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Arbitrary arrest of Tsitsi Dangarembga: a worrying turn in the systematic repression of civil society in Zimbabwe

Paris-Geneva, August 3, 2020 – The women’s rights defender andrenowned writer Tsitsi Dangarembga was arrested last Friday while she wasparticipating in an anti-corruption march in Harare. She was released on bailon Saturday, August 1. Her arrest is indicative of an intensification in thesystematic repression of civil society in Zimbabwe, said the Observatory forthe Protection of Human Rights Defenders (FIDH-OMCT), calling for the chargesagainst the writer to be dropped.

Ms. Tsitsi Dangarembga, a 61-year-old figure of African feminismand award-winning novelist, was arrested on Friday, July 31 around midday by agroup of armed police officers while she was participating in ananti-corruption demonstration in Borrowdale, a suburb of the Zimbabweancapital. Ms. Dangarembga reported her arrest on Twitter. In the days leading upto her arrest, she had been speaking out on social media against the arrest ofjournalists and other defenders, activists and protesters involved in theorganisation of the July 31 nationwide anti-corruption demonstrations,including
Messrs. Hopewell “DaddyHope” Chin’ono and Jacob Ngarivhume,who have been behind bars since July 20.

Ms. Dangarembga was released on a 5,000 ZWL bail on August 1, and is notablyaccused of “participating in a gathering with the intention to incite publicviolence”.

“The arrest of Tsitsi Dangarembga and the charges against her constitutean unfortunate new stage in the systematic repression of human rights defendersand civil society in Zimbabwe”, said AliceMogwe, FIDH President and Director of DITSHWANELO -The Botswana Centre for Human Rights. “Zimbabwe authorities shouldrespect, under all circumstances, the internationally recognized rights tofreedoms of expression and peaceful assembly”, she added.

Ms. Dangarembga was arrested along with other peaceful protesters, whowere bundled into a truck full of police officers armed with AK-47s and riotgear. When arrested, she was carrying placards calling for reforms and for therelease of detained journalist Hopewell Chin'ono.

The Zimbabwe Human Rights Association (ZimRights) has discouraged thepolice from unnecessarily detaining persons, as the holding cells do not havethe capacity to observe COVID-19 safety measures.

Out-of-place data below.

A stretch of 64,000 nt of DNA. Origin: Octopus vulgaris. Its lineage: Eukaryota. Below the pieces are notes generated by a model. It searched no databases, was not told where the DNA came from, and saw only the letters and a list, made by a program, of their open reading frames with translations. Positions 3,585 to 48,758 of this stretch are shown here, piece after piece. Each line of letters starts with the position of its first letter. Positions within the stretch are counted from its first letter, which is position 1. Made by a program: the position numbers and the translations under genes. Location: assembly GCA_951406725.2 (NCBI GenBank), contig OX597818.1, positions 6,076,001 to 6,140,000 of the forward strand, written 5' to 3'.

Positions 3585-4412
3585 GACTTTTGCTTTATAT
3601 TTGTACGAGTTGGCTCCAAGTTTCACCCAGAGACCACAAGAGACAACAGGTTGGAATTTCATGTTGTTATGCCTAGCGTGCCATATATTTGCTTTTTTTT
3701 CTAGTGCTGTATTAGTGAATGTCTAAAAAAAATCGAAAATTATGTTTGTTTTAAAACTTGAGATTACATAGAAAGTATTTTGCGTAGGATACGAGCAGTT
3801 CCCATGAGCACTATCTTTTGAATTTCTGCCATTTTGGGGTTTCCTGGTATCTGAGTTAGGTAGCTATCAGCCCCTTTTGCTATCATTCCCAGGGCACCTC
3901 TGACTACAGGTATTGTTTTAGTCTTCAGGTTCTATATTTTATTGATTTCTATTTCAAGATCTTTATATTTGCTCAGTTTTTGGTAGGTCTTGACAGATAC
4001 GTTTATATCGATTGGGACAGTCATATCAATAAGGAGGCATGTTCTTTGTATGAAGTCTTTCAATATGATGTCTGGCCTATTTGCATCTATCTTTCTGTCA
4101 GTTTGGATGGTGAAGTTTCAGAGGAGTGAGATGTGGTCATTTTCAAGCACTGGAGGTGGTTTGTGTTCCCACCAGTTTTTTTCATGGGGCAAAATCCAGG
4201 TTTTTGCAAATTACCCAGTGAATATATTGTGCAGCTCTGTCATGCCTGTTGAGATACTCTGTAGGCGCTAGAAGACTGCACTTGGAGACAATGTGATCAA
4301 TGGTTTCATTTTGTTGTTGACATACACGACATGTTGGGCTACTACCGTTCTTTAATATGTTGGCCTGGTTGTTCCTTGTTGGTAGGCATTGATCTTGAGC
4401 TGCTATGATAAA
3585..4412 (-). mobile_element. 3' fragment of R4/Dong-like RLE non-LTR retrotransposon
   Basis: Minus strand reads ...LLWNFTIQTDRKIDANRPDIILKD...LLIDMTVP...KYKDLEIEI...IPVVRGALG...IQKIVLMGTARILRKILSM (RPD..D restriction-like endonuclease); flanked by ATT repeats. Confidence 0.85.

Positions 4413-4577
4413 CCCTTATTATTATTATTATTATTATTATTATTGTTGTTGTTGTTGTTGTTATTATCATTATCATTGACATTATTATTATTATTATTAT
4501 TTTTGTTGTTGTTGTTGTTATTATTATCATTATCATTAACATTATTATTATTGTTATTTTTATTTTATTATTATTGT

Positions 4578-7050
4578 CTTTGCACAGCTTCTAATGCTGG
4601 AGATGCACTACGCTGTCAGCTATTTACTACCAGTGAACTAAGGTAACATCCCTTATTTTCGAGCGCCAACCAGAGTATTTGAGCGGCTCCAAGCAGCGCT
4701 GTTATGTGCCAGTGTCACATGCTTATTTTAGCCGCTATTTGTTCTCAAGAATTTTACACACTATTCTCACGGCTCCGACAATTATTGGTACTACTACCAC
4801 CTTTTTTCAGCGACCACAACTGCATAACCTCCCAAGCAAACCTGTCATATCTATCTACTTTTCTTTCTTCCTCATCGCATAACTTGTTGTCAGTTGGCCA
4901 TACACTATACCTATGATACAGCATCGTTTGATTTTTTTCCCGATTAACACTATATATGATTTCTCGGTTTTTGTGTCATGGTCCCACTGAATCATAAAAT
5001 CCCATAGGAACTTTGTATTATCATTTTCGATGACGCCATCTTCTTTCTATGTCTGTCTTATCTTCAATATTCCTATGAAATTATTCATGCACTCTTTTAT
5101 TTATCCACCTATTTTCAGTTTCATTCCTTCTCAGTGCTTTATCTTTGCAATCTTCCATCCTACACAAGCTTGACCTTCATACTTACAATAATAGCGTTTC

“The rise in gross human rights abuses by lawenforcement officials is appalling in Zimbabwe. Charges against TsitsiDangarembga must be dropped, and Hopewell Chin’ono, Jacob Ngarivhume as well asall arbitrarily detained defenders should be immediately and unconditionallyreleased”, concluded Gerald Staberock,OMCT Secretary General.

In the context of the second anniversary of his disputed July 2018election, Zimbabwe’s President Emmerson Mnangagwa launched a crackdown onanti-government and anti-corruption demonstrations, with hundreds of policeofficers and soldiers deployed in the streets across the country to suppressprotests of citizens angry about ineffective public services, widespreadgovernment corruption and soaring prices.

Press contact:

· FIDH: Ms. Eva Canan(English, French), +33 6 48 05 91 57 / Email: ecanan@fidh.org (Paris)

· OMCT: Ms.Iolanda Jaquemet (English, French), +41 79 539 41 06 / Email: ij@omct.org (Geneva)

The Observatory for the Protection of Human Rights Defenders (theObservatory) was created in 1997 by FIDH and the World Organisation AgainstTorture (OMCT). The objective of this programme is to intervene to prevent orremedy situations of repression against human rights defenders. FIDH and OMCTare both members of ProtectDefenders.eu , the European Union Human Rights Defenders Mechanism implemented byinternational civil society.

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